Down-on-his-luck theatrical producer Max Bialystock is forced to romance rich old ladies to finance his efforts. When timid accountant Leo Bloom reviews Max's accounting books, the two hit upon a way to make a fortune by producing a sure-fire flop. The play which is to be their gold mine? "Springtime for Hitler." Written by
Scott Renshaw <firstname.lastname@example.org>
This was Mel Brooks' first movie. All of Brooks's future movies make at least one reference to this one, some with bits of a musical and others by referring to Nazi Germany. See more »
When Max and Leo are about to enter Franz's apartment building, a pretty woman passes by and they check her out. In the distance, a young man exits another building; as the woman gets closer to him, they obviously don't know one another. When Max and Leo leave Franz and walk onto the same sidewalk in front of the building, the very same pretty woman can be seen walking towards them; what's more, she is with the same young man who was exiting the building, and now they are a "couple." See more »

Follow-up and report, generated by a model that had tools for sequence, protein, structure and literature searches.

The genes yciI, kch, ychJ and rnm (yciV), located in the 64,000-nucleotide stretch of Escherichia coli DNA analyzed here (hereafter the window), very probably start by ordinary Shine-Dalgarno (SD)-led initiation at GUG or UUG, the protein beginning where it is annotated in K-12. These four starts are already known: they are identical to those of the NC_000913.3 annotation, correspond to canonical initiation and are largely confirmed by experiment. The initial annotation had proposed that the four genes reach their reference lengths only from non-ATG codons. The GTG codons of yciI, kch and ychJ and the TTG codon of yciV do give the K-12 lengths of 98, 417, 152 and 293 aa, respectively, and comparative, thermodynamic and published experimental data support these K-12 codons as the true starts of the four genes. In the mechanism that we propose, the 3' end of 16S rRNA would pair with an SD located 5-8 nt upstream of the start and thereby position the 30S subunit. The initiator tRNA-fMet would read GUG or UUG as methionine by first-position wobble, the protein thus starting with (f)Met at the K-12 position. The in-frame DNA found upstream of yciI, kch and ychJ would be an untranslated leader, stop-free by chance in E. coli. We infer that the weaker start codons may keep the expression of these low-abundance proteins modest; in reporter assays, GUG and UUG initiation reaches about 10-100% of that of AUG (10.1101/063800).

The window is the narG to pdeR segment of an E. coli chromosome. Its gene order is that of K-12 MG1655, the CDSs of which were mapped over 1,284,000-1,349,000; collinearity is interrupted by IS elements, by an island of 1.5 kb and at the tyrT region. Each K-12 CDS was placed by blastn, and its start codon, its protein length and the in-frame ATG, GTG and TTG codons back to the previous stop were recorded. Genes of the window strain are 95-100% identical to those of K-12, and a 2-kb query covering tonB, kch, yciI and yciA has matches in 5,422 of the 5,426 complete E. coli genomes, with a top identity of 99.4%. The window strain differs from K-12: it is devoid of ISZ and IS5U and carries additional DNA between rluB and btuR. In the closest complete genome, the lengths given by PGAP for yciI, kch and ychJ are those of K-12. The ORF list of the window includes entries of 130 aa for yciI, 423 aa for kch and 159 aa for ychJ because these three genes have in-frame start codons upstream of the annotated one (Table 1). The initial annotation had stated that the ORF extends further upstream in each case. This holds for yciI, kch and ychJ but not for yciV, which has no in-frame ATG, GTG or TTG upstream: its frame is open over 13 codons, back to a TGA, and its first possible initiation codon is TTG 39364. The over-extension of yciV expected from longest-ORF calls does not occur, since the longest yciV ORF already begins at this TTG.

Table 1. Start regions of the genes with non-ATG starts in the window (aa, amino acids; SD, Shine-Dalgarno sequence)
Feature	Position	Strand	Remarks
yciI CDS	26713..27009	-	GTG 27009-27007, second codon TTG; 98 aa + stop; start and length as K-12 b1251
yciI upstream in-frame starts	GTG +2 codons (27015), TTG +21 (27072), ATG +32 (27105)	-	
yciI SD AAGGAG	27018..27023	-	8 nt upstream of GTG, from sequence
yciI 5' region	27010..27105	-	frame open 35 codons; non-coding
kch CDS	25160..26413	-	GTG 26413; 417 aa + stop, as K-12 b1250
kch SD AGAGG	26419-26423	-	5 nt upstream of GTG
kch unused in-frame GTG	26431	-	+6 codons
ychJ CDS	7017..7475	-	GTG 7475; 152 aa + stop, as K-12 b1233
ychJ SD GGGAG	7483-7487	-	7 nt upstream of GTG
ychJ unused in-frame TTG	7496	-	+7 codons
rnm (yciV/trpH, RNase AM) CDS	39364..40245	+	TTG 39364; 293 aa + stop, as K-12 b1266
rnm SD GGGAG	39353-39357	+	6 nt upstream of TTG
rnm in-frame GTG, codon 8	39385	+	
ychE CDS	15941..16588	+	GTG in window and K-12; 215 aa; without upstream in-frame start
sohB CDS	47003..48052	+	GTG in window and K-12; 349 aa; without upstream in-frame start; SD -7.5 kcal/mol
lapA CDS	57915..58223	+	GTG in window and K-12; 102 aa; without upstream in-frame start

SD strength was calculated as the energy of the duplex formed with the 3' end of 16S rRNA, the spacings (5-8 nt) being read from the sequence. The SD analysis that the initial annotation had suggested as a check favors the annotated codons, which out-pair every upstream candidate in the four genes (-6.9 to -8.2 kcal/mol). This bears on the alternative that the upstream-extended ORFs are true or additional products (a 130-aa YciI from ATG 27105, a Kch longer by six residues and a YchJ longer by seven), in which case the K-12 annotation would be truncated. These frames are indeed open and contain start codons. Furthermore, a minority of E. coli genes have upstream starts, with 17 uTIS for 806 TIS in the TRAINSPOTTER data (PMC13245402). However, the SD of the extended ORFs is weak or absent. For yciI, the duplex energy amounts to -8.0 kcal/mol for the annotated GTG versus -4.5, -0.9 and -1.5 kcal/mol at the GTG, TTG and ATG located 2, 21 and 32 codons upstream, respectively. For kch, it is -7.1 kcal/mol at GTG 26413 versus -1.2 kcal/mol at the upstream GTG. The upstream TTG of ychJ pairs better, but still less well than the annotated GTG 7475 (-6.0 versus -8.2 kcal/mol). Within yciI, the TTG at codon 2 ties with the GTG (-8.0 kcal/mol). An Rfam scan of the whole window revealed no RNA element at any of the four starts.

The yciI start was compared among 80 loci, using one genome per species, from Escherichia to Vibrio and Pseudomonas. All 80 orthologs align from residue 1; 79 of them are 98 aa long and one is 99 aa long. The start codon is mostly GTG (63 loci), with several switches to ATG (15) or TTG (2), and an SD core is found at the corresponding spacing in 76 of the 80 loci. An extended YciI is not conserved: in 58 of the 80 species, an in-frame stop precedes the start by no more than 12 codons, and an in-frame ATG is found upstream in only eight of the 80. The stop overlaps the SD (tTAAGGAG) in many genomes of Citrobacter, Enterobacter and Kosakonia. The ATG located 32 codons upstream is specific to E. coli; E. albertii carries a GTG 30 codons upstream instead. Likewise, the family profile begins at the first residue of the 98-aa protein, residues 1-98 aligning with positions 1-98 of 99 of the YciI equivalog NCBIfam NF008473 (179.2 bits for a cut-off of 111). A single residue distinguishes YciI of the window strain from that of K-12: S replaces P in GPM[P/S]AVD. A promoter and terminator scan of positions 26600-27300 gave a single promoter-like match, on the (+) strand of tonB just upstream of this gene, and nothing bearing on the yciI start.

This is a classic film with wonderful performances all around (although I didn't take to Dick Shawn's as much as the others). Zero Mostel and Gene Wilder were perfect casting as was Christopher Hewitt (later to be known as TV's "Mr. Belvedere"). What's even more impressive are the various elements of truth that are beneath the histerical if not obsurbed storyline. The current Broadway hit doesn't compete with this film. The performances are good on stage but not as wonderful as here. Due to long term business problems this film wasn't released for home video and cable until much later then it should have been. Outright broad comedy and silliness belong in our daily lives and this film offers them very well. EVERYONE should see this film!
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